October 29, 2015 9:21 am

Understanding urban runoff: Why cities flood

People wade through flood water on Lakeshore West during a storm in Toronto on Monday, July 8, 2013.


You see it every time there’s a heavy rainfall: torrents of water running down streets, large lake-like “puddles” pooling in the middle of roads, flooding streets. Sometimes it doesn’t even take that much rain to produce these things.

The reason we see these each time we get a storm is due to the concrete jungle.

Typically, when rain falls, most of it is absorbed into the ground. During heavy rains, some water won’t be absorbed, but will be carried away above ground to areas where it will be absorbed.


The problem is, with cities, there isn’t much natural ground to allow that absorption. Instead, there is mostly pavement, sidewalks and more that all cover up the ground so vital in taking in that water.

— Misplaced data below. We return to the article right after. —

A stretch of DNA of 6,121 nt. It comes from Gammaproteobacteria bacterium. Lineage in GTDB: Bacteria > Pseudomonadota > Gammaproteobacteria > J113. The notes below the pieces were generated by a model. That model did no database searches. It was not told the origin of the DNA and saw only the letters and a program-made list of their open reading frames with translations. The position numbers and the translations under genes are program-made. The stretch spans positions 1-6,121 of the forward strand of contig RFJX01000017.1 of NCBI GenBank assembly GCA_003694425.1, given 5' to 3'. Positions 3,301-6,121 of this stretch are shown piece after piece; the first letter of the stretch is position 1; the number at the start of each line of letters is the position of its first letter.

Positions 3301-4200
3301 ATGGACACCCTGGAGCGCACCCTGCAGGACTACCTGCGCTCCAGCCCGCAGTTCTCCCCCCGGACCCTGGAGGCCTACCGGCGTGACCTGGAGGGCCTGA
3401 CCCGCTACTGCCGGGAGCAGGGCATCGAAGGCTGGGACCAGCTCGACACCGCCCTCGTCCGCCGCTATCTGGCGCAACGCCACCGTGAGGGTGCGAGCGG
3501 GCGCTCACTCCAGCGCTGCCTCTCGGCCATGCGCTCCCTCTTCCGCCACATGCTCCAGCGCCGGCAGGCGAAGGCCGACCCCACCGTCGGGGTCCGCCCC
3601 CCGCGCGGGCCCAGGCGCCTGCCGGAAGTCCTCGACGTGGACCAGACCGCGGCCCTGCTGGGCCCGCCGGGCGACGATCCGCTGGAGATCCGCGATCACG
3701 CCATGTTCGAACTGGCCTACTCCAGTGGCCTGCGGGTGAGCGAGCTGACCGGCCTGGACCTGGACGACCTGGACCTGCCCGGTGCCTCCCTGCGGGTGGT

Since the water has nowhere to go, it runs off, causing pooling and flooding. And the flooding can be dangerous, sweeping away cars and people.

In order to mitigate flood risks and damage to homes and buildings, cities have implemented flood management practices, including more greenspace and redesign of areas most threatened by flooding.

© 2015 Shaw Media

Report an error


Want to discuss? Please read our Commenting Policy first.